the accounting and financial reporting standards adopted by the Council;
Receive notices of non-compliance with
approved standards from preparers, users, other third parties or auditors of
financial statements;
Receive copies of annual reports and
financial statements of public interest entities from preparers within 60 days
of the approval of the Board;
Advise the Federal Government on matters
relating to accounting and financial reporting standards;
Maintain a register of professional
accountants and other professionals engaged in the financial reporting process;
g   Monitor
compliance with the reporting requirements specified in the adopted code of
corporate governance;
Promote compliance with the adopted standards issued by the International
Federation of Accountants and International Accounting Standards Board;
Monitor and promote education, research and training in the fields of
accounting, auditing, financial reporting and corporate governance;
j   Conduct practice reviews of registered professionals ;
k Review financial statements and reports of public interest entities;
l Enforce compliance with the Act and the rules of the Council on registered
professionals and the affected public interest entities;
m  Establish such systems, schemes or engage in any relevant activity, either
alone or in conjunction with any other organization or agency, whether local or
international, for the discharge of its functions;
n Receive copies of all qualified reports together with detailed explanations for
such qualifications from auditors of the financial statements within a period
of 30 days from the date of such qualification and such reports shall not be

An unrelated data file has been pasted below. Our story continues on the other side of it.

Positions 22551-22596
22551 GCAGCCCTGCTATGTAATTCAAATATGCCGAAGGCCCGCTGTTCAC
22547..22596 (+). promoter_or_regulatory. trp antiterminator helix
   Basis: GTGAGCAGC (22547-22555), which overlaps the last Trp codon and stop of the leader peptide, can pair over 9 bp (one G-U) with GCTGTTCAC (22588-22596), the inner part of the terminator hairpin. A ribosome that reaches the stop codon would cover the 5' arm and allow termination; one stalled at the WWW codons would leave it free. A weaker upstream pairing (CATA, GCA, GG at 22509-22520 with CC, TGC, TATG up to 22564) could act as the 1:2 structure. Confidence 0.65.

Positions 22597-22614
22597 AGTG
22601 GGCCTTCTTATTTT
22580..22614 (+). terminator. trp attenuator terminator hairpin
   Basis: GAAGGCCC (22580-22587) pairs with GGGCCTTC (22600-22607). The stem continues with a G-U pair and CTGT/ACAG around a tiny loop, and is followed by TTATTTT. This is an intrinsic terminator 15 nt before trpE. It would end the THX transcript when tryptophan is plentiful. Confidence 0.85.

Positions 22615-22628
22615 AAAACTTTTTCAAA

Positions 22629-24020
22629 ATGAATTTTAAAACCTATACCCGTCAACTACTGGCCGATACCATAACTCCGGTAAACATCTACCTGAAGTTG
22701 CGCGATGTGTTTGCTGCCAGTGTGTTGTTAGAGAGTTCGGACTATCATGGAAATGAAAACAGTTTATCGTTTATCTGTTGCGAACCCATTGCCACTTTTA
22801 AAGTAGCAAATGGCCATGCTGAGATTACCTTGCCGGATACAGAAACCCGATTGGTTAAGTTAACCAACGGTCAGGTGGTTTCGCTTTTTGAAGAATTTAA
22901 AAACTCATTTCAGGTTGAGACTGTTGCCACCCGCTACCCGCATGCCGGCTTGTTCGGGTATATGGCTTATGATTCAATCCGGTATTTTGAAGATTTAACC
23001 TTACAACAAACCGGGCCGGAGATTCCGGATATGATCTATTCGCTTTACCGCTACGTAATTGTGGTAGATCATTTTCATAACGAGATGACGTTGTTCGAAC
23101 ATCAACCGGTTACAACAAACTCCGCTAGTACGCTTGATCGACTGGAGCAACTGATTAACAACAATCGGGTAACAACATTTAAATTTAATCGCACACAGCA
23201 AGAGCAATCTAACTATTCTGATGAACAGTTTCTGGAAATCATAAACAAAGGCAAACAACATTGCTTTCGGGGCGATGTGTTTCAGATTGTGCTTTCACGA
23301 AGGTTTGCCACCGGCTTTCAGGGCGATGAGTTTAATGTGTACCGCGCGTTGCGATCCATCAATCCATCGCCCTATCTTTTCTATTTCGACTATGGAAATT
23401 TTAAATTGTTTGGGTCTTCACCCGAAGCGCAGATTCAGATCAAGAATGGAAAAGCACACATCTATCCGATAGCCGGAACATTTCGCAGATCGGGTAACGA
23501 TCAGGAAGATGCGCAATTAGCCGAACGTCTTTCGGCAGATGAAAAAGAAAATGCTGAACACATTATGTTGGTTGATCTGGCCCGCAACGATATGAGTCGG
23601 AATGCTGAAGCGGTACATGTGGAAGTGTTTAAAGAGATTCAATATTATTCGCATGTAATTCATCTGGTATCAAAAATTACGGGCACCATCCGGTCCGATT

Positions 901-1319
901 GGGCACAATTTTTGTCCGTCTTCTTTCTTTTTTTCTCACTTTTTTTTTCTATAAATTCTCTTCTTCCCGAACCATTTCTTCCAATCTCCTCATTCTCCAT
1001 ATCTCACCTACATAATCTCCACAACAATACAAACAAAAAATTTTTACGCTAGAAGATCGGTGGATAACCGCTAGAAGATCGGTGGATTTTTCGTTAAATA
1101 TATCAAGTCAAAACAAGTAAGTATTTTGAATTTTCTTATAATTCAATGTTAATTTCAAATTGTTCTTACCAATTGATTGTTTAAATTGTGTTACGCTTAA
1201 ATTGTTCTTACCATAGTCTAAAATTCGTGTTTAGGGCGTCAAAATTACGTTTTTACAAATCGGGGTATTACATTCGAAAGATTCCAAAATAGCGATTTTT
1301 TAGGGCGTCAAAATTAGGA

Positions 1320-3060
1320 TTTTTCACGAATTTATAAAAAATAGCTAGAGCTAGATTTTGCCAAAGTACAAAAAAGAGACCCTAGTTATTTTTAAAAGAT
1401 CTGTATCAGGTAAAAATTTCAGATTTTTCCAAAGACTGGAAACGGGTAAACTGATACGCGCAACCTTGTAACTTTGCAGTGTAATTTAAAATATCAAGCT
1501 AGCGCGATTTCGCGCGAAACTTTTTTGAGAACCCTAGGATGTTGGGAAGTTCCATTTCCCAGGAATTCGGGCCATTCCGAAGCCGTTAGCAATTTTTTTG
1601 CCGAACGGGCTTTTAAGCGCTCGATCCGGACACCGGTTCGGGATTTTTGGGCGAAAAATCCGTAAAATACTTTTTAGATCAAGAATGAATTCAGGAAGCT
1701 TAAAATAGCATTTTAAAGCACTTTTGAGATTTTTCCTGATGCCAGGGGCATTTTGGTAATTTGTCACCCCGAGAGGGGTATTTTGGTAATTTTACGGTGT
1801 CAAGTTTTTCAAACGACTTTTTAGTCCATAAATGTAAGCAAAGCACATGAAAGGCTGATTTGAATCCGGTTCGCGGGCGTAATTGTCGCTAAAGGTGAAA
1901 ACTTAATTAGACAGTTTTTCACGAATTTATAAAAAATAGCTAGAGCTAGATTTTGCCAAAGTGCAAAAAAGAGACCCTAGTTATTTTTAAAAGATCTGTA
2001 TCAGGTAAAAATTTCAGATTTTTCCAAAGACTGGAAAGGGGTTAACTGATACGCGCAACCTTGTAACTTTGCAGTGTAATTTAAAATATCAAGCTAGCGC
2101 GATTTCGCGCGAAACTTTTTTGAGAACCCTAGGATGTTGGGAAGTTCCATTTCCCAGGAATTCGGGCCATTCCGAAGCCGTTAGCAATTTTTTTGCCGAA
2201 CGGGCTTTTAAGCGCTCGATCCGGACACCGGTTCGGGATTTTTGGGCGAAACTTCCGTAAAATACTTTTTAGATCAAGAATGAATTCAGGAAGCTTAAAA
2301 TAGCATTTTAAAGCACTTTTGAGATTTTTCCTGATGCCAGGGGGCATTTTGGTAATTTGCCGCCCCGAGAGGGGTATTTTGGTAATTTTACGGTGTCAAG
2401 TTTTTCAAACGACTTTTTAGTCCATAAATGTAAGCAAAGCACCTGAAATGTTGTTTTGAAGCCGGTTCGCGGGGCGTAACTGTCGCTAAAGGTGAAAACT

announced to the public until all accounting issues relating to the reports are
resolved by the Council;
o Adopt and keep up-to-date accounting and financial reporting standards, and
ensure consistency between standards issued and the International Financial
Reporting Standards;
p. Specify, in the accounting and financial reporting standards, the minimum
requirements for recognition, measurement, presentation and disclosure in
annual financial statements, group annual financial statements or other
financial reports which every public interest entity shall comply with, in the
preparation of financial statements and reports;
Develop or adopt and keep up-to-date auditing standards issued by relevant
professional bodies and ensure consistency between the standards issued and the
auditing standards and pronouncements of the International Auditing and
Assurance Standards Board; and
Perform such other functions which in the opinion of the Board are necessary or
expedient to ensure the efficient performance of the functions of the Council.
Section 7(2) (a) Ibid.
Sections 49 and 50 Ibid.
“Public Interest Entities” under the Act means governments, government
organizations, quoted and unquoted companies and all other organizations which
are required by law to file returns with regulatory authorities and this
excludes private companies that routinely file returns only with the Corporate
Affairs Commission and the Federal Inland Revenue Service.
(Unreported: Suit No. FHC/L/CS/1430/2012 delivered on 21/03/2014)
See Vaswani v. Savalakh (1972) 12 SC 77.
Njoku v Iheanatu (2008) LPELR-3871(CA) the Court of Appeal held that:
subsidiary legislation or enactment is one that was subsequently made or
enacted under and pursuant to the power conferred by the principal legislation
or enactment. It derives its force and efficacy from the principal legislation
to which it is therefore secondary and complimentary’. 
(1978) 6-7 S.C
[10] See
section 2.1 of the Code viz Section 77 of the Act
Cap C20 LFN 2004.
Ed’s Note: This article was
originally published here.